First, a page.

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Walsh donates trees to Village

September 5, 2013
Special to the Reporter (sancapnews@breezenewspapers.com) , Island Reporter, Captiva Current, Sanibel-Captiva Islander

The Sanibel Historical Museum & Village became the proud owners of a grapefruit tree and a tangerine tree, thanks to the generosity of R.S. Walsh Landscaping of Sanibel.

"We have two tangerine trees in our Heritage Garden already, but they are old and the fruit they produce, when they produce fruit, is very bitter," said Karl Rodman, a member of the museum's board of directors and caretaker of the garden. "In the past, CROW has been able to use these bitter tangerines to help feed the animals they're nursing back to health."

R.S. Walsh supervisor Sal Montalvo arrived with the trees along with workers Mario Cristobal and Marby Garcia on Aug. 28. Cristobal and Garcia took on the backbreaking work of digging the holes for the 30 gallon trees.

Article Photos

R.S. Walsh Landscaping donated two large fruit trees to the Sanibel Historical Village. Employees Mario Cristobal and Marby Garcia dug the holes and planted a grapefruit and a tangerine tree.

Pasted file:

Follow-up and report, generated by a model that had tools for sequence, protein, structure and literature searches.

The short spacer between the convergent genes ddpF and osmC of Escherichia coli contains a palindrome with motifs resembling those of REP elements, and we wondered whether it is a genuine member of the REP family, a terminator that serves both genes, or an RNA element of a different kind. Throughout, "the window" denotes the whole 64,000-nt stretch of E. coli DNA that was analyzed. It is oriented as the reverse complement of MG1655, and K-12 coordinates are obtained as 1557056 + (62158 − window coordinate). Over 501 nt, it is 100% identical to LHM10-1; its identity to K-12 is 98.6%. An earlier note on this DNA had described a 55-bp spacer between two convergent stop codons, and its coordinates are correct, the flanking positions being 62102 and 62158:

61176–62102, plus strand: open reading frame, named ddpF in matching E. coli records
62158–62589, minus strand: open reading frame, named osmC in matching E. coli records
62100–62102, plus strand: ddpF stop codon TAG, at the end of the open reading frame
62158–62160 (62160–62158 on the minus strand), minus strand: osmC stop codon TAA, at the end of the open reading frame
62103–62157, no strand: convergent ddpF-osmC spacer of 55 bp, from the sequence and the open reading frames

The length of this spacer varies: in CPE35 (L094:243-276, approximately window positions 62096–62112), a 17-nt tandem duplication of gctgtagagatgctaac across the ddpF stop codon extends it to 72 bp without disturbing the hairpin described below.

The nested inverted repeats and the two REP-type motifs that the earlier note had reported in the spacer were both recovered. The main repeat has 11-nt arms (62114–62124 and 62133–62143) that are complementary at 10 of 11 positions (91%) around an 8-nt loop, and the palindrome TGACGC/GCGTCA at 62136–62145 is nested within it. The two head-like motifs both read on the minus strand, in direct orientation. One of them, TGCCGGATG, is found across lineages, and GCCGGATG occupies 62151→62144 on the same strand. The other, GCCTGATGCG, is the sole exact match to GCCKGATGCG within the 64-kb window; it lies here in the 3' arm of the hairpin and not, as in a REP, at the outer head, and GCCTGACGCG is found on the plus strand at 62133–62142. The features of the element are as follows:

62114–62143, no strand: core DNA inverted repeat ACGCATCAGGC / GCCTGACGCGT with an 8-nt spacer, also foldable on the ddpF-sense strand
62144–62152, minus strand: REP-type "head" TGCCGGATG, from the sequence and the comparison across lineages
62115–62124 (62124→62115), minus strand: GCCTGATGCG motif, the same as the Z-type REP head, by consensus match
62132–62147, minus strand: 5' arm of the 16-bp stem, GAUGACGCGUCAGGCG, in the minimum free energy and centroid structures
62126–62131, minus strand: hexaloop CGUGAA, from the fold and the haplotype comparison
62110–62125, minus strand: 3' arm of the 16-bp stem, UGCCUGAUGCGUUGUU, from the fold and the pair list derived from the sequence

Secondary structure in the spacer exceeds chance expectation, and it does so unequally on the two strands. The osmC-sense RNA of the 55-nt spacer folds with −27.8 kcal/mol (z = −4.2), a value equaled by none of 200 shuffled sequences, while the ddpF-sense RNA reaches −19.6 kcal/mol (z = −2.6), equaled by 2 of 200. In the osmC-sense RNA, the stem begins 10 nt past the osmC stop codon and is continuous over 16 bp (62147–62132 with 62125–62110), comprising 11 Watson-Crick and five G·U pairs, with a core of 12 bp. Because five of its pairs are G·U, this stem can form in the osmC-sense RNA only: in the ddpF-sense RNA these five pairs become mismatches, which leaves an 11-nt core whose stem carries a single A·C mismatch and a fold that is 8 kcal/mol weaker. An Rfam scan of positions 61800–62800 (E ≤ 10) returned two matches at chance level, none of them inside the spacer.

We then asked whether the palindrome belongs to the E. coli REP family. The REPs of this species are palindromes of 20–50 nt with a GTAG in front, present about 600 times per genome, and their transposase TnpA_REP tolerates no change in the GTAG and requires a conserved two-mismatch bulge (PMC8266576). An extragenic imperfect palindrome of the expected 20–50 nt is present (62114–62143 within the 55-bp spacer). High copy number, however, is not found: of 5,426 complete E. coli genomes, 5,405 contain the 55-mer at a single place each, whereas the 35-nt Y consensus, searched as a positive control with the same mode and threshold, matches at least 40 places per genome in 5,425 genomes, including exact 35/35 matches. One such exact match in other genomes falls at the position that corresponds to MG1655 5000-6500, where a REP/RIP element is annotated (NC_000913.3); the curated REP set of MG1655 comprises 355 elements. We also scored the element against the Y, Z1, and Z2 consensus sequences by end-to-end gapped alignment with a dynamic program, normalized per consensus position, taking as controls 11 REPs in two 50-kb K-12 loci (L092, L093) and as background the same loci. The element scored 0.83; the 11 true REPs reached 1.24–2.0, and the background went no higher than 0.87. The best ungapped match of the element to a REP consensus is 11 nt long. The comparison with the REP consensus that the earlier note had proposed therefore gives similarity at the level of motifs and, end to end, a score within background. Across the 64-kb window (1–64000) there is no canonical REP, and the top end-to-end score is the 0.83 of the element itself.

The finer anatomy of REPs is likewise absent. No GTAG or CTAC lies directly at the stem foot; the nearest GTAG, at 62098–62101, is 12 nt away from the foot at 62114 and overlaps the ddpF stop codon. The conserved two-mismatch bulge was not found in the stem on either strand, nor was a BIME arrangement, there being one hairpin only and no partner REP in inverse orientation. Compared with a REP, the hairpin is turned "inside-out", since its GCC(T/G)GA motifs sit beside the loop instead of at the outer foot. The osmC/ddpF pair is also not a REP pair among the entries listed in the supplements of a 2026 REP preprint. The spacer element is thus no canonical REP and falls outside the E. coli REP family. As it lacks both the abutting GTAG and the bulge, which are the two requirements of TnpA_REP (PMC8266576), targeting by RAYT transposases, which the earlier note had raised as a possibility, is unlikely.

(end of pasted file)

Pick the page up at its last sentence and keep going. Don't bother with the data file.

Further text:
"They worked so well together and had those huge holes dug in no time," said museum manager Emilie Alfino. "Then when the trees were put in place, it was easy to visualize the garden with four beautiful fruit trees, for even our old tangerine trees are still very pretty and sometimes bear fruit. Our new trees will provide some much-needed shade for the garden."

R.S. Walsh staff went the extra mile, too. They fed the newly planted trees and added mulch with a well for watering, so important for new plantings.

"Our visitors in season will now have another taste of Florida at the village," said Rodman. "They always love to eat the fresh fruit off the trees. This year we had watermelon, which I'm told was very sweet, so we'll be planting that again, along with peppers, eggplant, Brussels sprouts, and more. We try new things every year."

"The garden isn't just there to produce food for guests," Alfino said. "It's to demonstrate to visitors how Sanibel pioneers kept truck gardens to help feed their families. It's also a beautiful addition to our picturesque village."

The museum and village, 950 Dunlop Road, is currently closed for the off-season and reopens on Nov. 6 for visitors from 10 a.m.-4 p.m. Wednesdays through Saturdays. Admission is $10 for adults over 18; those younger than 18 and museum members are free.

For more information, visit www.sanibelmuseum.org.

 
 

 

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